Introduction to tortoise species
To the untrained eye, many tortoise breeds will look pretty similar, but actually, they are some of the most diverse animals on the planet, with each species having a different set of requirements for health and happiness.
Swell Reptiles have dealt with most tortoise breeds along the way, and have developed quite a knowledge base: here are some of the basics!
European Tortoise Species
Some of the most common species of tortoise often kept in the UK are European species. Generally found in more temperature climates, these guys come in all shapes and sizes, and range from the Balkans and Italy to Russia and beyond.
The largest of the European varieties, Marginated tortoises can grow up to about 5kg in weight and features an lengthened, more oblong like shell, identified by a more fanned-out, serrated shell pattern at the back. A herbivorous species, they are likely to hibernate in the winter, even when kept in captivity.
A hugely popular species, Hermann's are considered a small to medium sized tortoise and feature black and yellow patterns on their shell and underside when young, slowly fading as they grow older. Split into 3 groups (Western, Eastern and Dalmation), adults reach between 7 and 28c in length, eat legumes pods and weeds.
If you like the sound of a Hermann's, why not take a look at our Hermann's tortoises for sale.
Also known as a Greek tortoise despite other species such as the Marginated being found in Greece, Spur-Thighed tortoises are found as far as Africa and West Asia. In appearance, they look a little like Hermann's tortoises, but have larger scales on the front legs, noticeable spurs on their thighs and a more rectangular shell. Plenty of sub-species means colouring and diet varies, so do your research before taking one home!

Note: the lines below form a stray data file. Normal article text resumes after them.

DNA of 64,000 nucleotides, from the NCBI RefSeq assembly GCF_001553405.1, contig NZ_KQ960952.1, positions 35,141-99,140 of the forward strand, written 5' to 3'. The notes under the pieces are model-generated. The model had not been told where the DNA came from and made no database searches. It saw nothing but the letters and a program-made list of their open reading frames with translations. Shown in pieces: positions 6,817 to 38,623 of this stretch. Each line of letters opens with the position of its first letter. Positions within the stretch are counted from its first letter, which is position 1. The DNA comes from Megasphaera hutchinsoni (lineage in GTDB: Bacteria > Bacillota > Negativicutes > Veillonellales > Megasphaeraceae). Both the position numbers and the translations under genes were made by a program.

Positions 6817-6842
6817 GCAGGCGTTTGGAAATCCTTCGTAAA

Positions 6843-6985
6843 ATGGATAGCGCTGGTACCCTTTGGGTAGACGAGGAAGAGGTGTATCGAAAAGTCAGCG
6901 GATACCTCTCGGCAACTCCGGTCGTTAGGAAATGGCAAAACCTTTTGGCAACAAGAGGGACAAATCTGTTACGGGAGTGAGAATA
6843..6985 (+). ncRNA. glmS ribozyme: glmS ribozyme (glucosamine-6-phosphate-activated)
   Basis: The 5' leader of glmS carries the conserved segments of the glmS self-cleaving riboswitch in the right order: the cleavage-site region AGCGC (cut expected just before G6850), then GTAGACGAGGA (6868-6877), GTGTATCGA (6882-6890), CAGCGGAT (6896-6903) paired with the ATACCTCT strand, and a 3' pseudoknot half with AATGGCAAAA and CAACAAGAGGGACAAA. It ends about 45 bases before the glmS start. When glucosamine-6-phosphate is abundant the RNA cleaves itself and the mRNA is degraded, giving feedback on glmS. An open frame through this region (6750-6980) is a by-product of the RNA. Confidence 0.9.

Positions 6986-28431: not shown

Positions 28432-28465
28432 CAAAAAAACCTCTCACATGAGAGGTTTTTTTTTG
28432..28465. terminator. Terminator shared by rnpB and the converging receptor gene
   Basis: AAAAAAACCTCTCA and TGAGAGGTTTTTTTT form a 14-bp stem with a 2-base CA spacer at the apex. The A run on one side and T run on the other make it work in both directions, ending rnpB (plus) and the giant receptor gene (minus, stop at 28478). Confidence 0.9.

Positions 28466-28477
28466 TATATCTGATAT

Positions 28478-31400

Another small tortoise species, these guys get to around 25cm in length and that larger end of the scale, and enjoy a herbivorous diet of weeds and flowers. Known for their more interesting mating rituals (of which we won't go too far into), they are enjoyed by many.
Some tortoises hail from other hot climates, but receive less UV light due to their rainforest floor type environment which has the UV filtered out by the canopy. They still require a UV lamp though.
Easily the most commonly kept of the rainforest tortoise species, these guys hail from the Amazon basin, and are easily identified by their bright red feet. Red foots average out at about 30-35 cm in length, with elongated oval shaped shells. An omnivorous tortoise, anything goes for redfoots, from flowers and fruits, to funghi and even small animals like snails, small snakes and rodents (irregularly).
Care of tortoises
This is of course the big question. All need to thermoregulate for health and therefore require basking bulbs and a higher temperature in general, and all need UV light to generate the D3 needed to turn calcium into strong bones and shells, but all to different amounts.
Research is key, so once you like the look of a tortoise, make sure you get the right lighting equipment for heat and UV. To learn more about tortoises, check out our Horsfield tortoise care guide, or you can learn more about other reptiles by checking out our other care guides like our Western hognose snake care guide.